Chandler also helped Dallas match up with the quicker centers and power forwards that has normally plagued Dallas in the past. As much as we scolded Erik Dampier, the man was a decent rebounder, screen setter and plug in the paint. The problem was asking him to step out of the paint. It's been well documented how well "fast big men" have given the Mavericks trouble. Nene, Amar'e Stoudemire, etc. With Chandler mobility, combined with health and an apparent enjoyability he's having right now, has given the Mavericks something that they aren't used to: defense. It's too early to know if the play will progress, but given the new variables of the use of zone, Chandler + Haywood's full-season impact, the unseen potential of rookie Dominique Jones (who Rick Carlisle has said is one of the teams best defenders) plus the ever steady Shawn Marion, Dallas might be able to jump into the upper echelon of elite NBA defenses.

(Advanced stats courtesy of


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Tuesday, November 9, 2010

The Curious Case of Caron


That's the number of players that have a higher 3PT field goal percentage than Caron Butler's the rim.


Now, understand, that we're about two weeks into the season. DeJuan Summers is not going to shoot 100% for the rest of the year, or shoot enough to qualify that mark. But still. In his stay with Dallas so far, Butler has a 45.8 FG% at the rim. That, put bluntly, is absolutely horrible and unacceptable for the kind of player Butler is and his role on the Mavericks.

To compare, Dirk Nowitzki's percentage at the rim hasn't been lower than 59% in the last four years. Same for Jason Terry. Even Jason Kidd - the only point guard in the league that appears allergic to layups - has never posted a field goal percentage below 51 in his time with Dallas.

So what gives? The strange thing is that Butler hasn't posted anything this poor over the last four years. From 2007-2009 his FG% at the tim was 59, 69 and 63, respectively. And this is with about one more shot attempt at the rim per game to boot. What's the diagnoses? It's hard to tell. Butler has been an above average finisher at the rim for most of his career. He's always been an excellent free throw shooter. Whatever it is that's plaguing Butler at the rim, it needs to be fixed and fixed soon. We can only hope that as the season continues, Butler's at the rim percentage simply reverts to his career norm. If it doesn't, the Mavericks could be in for a woeful offensive season.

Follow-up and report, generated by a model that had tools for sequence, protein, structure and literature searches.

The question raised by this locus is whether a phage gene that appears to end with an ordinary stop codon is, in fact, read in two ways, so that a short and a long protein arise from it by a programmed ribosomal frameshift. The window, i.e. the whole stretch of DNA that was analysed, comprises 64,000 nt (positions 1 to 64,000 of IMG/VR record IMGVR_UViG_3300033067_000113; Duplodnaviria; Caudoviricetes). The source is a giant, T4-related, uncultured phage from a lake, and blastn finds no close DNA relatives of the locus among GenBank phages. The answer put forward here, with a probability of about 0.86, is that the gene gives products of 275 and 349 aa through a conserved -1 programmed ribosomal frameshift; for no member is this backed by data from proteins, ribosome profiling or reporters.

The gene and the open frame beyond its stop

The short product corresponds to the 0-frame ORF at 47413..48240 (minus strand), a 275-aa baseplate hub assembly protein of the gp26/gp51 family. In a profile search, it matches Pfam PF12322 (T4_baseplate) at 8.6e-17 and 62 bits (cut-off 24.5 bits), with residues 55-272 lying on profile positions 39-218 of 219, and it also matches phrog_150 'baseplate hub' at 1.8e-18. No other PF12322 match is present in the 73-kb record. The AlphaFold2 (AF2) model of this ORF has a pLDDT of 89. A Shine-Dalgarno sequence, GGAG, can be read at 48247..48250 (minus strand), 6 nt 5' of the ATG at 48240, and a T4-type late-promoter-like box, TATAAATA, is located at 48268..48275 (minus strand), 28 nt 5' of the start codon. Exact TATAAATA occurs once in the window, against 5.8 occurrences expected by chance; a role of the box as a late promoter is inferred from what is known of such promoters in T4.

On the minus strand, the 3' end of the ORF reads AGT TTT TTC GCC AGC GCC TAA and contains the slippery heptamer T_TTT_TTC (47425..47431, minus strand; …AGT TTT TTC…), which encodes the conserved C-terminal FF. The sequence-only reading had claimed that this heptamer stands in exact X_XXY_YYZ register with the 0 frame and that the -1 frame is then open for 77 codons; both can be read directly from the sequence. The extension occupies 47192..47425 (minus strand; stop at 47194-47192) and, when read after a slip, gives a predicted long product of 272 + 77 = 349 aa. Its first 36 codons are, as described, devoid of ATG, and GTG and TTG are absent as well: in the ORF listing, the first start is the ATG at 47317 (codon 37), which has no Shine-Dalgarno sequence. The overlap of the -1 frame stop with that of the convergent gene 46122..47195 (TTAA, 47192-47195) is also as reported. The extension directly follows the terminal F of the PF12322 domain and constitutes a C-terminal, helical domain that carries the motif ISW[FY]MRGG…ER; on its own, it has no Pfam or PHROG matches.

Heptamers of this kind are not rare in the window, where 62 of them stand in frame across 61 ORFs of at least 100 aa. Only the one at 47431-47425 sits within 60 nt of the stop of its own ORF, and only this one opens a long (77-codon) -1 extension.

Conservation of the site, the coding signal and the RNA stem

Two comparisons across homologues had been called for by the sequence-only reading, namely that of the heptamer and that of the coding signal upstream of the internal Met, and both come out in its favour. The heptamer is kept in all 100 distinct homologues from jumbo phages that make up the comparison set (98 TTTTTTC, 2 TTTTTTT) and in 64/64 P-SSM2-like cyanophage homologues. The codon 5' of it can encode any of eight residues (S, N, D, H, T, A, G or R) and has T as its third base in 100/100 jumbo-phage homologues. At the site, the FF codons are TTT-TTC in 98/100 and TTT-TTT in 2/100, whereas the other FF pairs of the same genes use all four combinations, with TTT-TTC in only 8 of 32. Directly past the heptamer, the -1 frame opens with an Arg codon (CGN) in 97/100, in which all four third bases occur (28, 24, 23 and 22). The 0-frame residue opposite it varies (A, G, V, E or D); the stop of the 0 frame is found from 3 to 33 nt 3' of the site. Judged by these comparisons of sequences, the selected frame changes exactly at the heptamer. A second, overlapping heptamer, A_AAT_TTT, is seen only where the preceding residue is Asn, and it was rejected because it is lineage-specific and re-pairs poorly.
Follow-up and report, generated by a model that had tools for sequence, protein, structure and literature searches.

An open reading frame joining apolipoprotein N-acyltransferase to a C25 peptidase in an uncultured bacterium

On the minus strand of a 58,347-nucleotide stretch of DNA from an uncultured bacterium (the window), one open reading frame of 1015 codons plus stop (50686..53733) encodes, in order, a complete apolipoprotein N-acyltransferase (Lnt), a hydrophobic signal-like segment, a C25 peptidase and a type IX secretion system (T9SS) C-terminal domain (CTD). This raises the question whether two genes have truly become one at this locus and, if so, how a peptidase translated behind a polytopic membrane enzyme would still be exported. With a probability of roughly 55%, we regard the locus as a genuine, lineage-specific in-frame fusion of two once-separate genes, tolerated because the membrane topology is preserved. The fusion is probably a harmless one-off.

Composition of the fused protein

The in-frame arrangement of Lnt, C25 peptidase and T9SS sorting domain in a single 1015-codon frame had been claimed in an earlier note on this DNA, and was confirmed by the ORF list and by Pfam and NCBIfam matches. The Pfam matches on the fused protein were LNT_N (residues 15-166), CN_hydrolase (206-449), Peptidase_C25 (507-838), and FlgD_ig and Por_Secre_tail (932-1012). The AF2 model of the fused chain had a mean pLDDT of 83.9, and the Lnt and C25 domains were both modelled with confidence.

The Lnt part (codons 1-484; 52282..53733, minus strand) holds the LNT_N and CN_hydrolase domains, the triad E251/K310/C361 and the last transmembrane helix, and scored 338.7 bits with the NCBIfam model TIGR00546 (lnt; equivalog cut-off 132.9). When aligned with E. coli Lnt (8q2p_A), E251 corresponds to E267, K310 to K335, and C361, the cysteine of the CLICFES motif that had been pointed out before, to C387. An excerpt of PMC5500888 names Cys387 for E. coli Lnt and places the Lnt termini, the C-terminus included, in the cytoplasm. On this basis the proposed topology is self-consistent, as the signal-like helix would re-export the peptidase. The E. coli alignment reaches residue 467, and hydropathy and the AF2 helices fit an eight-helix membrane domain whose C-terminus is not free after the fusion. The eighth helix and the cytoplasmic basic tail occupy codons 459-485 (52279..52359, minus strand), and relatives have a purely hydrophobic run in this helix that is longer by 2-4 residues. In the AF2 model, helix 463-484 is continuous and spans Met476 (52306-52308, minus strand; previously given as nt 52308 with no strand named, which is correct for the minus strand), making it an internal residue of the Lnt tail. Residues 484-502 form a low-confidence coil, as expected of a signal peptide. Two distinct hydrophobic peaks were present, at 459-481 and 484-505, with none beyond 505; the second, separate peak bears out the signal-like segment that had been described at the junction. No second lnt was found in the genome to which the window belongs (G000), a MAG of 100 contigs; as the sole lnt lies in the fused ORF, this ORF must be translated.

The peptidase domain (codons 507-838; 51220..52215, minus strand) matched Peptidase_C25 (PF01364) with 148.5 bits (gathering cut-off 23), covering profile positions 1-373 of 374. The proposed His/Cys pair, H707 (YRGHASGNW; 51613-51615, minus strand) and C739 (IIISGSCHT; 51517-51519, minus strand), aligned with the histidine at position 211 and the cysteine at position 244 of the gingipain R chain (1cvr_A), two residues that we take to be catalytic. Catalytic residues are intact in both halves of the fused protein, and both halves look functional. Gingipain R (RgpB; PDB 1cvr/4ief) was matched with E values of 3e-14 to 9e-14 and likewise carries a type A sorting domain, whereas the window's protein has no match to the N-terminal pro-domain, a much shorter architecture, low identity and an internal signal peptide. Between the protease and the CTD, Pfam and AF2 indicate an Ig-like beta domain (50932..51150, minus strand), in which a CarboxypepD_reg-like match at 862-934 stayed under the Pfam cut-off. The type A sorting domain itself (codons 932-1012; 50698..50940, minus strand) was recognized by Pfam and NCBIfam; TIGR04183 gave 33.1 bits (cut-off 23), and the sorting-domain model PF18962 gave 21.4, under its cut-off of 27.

But don't expect those mid-range jump shots to start falling that much more regularly. His highest FG% from 16-23 feet was actually his stint with Dallas, a 48 percent mark. He's hovered between the high 30's and the low 40's otherwise. But, he always managed to shoot a respectable percentage and score a decent number of points by attacking the basket and getting to the free throw line.

When the Mavericks shipped away Josh Howard for Caron Butler and Brandon Haywood last winter, the consensus was that Butler would be able to provide, at worst, Howard's production level. While the offensive woes have been detailed, the defense hasn't been much better. Monday nights win over Boston was a prime example as Paul Pierce toyed with Butler to get off any shot he wanted. Understand that defense in the NBA is more than just contesting a shot. It's forcing players out of their comfort zones. Putting a hand in Dirk's face as he's falling away might look like good defense, but if he's doing it from the free throw line or the left wing? Forget it. Players make good shots when they are in their comfort zones. Butler allowed Pierce to catch the ball wherever he wanted and lost him in transition a couple of times. As a result, Shawn Marion played almost all of the fourth quarter, posted a +10 (for what it's worth) and Pierce wasn't heard from with much regularity down the stretch as he was in the third.